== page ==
Azalea, Snapdragon, and Stargazer recovered from their illnesses and the return of Posy’s family when they regained their health was one of the best things that could have happened for my family.

Azalea black kitten

In May of 2019, my dad passed away. For three weeks, after spending most days at the hospital and then the hospice house, we spent our evenings in the foster room and played with these adorable cats. Kitten therapy is real and I’ll always see the joy they gave me and my family during the most difficult month of our lives as a precious gift.

When the kittens were ready for adoption in July, my sister adopted Azalea (who was renamed Zuzu) and became the perfect little sister for Maru (now Violet)!


Dior, Fendi, & Prada

Dior, Fendi, and Prada

Among the last cats to live in my foster room were mama Dior and her little fashionistas.

When SAFE Haven’s fostering program temporarily closed due to the pandemic, I looked elsewhere for kittens to foster. Purr Partners is a rescue organization that is operated solely by volunteers and, without a shelter, all cats in their care live in foster homes so there were no organization-owned facilities at risk of shut down.


I was quickly matched with Dior and her four girls just two days after they were born on March 21, 2020.

Again, at an uncertain time when the world was so confusing, the kitten therapy was real and we were so happy to provide a space for this little family to thrive while they gave us so much joy.


Dior was ready to wean and be spayed after ten weeks. Kittens get most of the attention, but the mama cats were always some of my favorite fosters. Not only did they make my work easier by feeding and keeping the kittens clean (my only job was to keep Mama happy!), but their love and protection for their babies was simply precious to see. In many cases, like young Dior herself, mama cats are still practically kittens themselves and it was rewarding to be part of the reason they got to live carefree, kitten-free pampered lives after raising their final litters.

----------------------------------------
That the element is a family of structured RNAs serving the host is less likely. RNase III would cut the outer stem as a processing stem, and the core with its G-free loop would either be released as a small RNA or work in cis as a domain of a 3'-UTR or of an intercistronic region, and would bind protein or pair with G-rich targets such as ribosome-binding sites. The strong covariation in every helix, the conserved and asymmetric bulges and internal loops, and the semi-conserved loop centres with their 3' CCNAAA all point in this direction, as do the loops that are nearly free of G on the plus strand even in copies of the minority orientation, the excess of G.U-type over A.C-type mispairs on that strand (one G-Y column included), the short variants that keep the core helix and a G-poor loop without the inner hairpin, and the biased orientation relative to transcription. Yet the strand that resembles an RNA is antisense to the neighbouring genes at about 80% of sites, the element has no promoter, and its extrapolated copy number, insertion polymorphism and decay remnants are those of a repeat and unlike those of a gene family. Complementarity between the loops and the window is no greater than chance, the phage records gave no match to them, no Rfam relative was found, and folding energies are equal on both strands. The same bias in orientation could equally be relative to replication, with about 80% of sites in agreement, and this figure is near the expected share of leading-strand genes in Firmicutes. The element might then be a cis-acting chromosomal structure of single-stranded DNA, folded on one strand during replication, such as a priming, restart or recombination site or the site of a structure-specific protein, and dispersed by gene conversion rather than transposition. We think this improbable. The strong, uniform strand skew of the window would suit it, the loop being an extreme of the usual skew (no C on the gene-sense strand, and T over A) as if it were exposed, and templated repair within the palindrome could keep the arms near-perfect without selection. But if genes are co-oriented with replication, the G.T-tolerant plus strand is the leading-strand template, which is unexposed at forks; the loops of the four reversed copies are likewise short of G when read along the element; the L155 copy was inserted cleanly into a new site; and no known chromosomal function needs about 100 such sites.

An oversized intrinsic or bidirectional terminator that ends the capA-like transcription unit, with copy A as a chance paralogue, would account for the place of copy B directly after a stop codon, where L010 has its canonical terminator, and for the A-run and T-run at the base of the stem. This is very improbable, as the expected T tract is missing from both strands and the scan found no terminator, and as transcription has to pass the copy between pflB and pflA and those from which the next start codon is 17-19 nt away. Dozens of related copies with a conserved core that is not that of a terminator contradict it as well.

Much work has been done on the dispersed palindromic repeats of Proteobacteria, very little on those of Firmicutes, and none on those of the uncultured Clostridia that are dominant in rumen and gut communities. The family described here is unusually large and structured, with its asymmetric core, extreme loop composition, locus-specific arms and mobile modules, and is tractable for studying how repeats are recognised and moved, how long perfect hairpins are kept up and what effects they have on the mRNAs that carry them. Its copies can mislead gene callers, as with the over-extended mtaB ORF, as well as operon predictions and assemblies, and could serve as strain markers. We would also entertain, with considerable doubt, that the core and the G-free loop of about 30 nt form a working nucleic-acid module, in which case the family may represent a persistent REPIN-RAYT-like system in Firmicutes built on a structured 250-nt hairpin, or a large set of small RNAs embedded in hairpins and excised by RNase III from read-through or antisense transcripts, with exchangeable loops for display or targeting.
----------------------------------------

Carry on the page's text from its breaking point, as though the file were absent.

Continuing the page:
Fendi, Prada, Coco, and Lou remained in foster care for another month while they continued to grow and were adopted into loving homes.




A year after I stopped fostering, fostering found me anyway!

While out on a family bike ride on a greenway trail near Knightdale, we came across two women who found a tiny kitten wandering on the boardwalk.

The general rule is to not immediately take a kitten found in the wild because Mom is likely nearby and kittens do best with Mom. However, after a half hour, we still saw no other cats, not even another kitten as expected if a family was nearby. With eye infections and feeling like skin and bones, this kitten’s condition did not indicate they were being cared for by a momma cat.

So, I secured the kitten in a pouch on my bike and rode five miles back to the car. He looked so similar to Pearl with his black coat and white neck floof so we named him Diamond both for his necklace and finding him as a diamond in the rough.

I contacted SAFE Haven so he could receive supplies and medical care through the foster program. For three weeks, he lived in our bathroom, his eyes healed, and he became a healthy little boy. Diamond was then adopted into his forever home, forever safe!

Diamond black kitten

Foster Kittens Cat Toy Collection

All of these cuties are available in catnip and crinkle Kicker and Pouncers cat toys, and Chaser interactive cat toys. For the humans, clear vinyl stickers make your water bottle or laptop cuter and kitty sticky notes are the purrfect way to leave reminders, notes, and memos.

See the entire Foster Kittens cat toy collection!